• “Mrs. Greece”: More than ready to retire due to large portfolio size and moderate living expenses, especially if the husband keeps working!
  • “Mrs. Wish I Could Surf”: Alternative investments (real estate hard money loans). Keep the mortgage or pay it off? Either way, more than ready to retire!
  • “Mr. Corporate”: Geographic Arbitrage by moving to a low-cost European country. Roth Conversions and zero tax liability!
  • “Ms. Almost FI”: Your name is a misnomer. You are ready to retire now even when self-funding substantial long-term care expenses in the future!
  • “Mr. Corporate Refugee”: How to deal with a large portion of the net worth tied up in a house in a high-cost-of-living area?
  • “Mrs. Wanderlust”: Substantial supplemental cash flows due to buying an RV and then selling it later.
  • “Mr. and Mrs. Shirts”: Ready to retire this year, but should Mr. Shirts work for another nine months for some additional big payday?

But, alas, all good things have to come to an end! I have decided to take a break from the case studies, at least for now. I might revive the series again later but for next few weeks and months, I will pursue other topics! Thanks to all volunteers who submitted their data. And thanks to all other folks who didn’t get their case studies published. I’m not even sure I properly responded to everyone whose request was denied. I think I may have some inquiries from October last year that I haven’t responded to. If you submitted a request for a case study and haven’t heard from me back, sorry, I’m just a bit disorganized!

Sooooo, ten case studies: what have I learned from them? Plenty, because that’s the topic for today’s post…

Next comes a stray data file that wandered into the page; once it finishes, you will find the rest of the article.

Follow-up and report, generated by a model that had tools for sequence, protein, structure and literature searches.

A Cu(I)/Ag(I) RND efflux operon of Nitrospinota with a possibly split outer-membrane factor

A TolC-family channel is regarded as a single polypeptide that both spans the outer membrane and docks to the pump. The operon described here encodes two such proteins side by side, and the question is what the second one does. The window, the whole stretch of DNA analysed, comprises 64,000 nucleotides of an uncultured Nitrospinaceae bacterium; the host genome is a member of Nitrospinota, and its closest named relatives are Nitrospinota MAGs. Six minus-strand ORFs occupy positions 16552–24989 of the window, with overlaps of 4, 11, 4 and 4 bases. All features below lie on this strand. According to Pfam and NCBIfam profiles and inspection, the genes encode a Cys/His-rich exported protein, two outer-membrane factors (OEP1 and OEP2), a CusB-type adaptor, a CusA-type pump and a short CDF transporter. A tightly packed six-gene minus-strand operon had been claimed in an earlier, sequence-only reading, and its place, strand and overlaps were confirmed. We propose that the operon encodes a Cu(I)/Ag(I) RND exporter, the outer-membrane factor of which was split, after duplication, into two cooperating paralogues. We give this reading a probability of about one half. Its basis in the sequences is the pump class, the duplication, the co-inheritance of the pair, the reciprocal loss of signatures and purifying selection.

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Ask Big Ern: A Safe Withdrawal Rate Case Study for “Mr. and Mrs. Shirts”

Welcome to the 10th episode of our Case Study Series! Today’s case study is for Mr. and Mrs. Shirts. They run their own blog Stop Ironing Shirts and I encourage everyone to head over and check out their outstanding work. Mr. Shirts and his wife face a dilemma; they have already amassed a pretty impressive nest egg, probably large enough to retire later this year. But the temptation to work a little longer to cash in that next financial milestone around the corner (bonus, vesting date, etc.) is a pretty strong incentive to stay onboard for just a little bit longer. Otherwise known as the One More Year Syndrome. In fact, in the Shirt’s case, it’s only nine months (June 2018 vs. March 2019). So, what are the tradeoffs, what are the pros and cons of retiring in 2018 vs 2019? Let’s look at the details…

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Our Net Worth as of 12/31/2017

Happy New Year! Another quarter-end, I can’t believe how fast time flies! And we all know what that means, right? Net Worth updates across the Financial Independence blogosphere! For us, this is a special NW update because it’s the last one before we both give notice at work in two months! And the last NW update before our apartment goes on the market! In other words, this better looks good, otherwise, we might get cold feet, also known as One More Year Syndrome. Soooo, where do we stand financially? Here are the numbers…

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Ask Big Ern: A Safe Withdrawal Rate Case Study for “Mrs. Wanderlust”

It’s time for another Safe Withdrawal Rate case study today! Believe it or not, but this is already the ninth installment of the series! Check out the other case studies here. Today’s volunteer is Mrs. Wanderlust (not her real name), a frequent reader of the ERN blog. She and her husband plan to retire in 2018 (more or less voluntarily) and asked me to run their numbers. One challenge in pinning down a safe withdrawal rate: large additional cash flows because they plan to purchase of an RV and then sell it a few years later. They will also have different budgets during different phases in retirement. And not to forget, a four-legged family member that’s factored into their planning. So without further ado, let’s start calculating…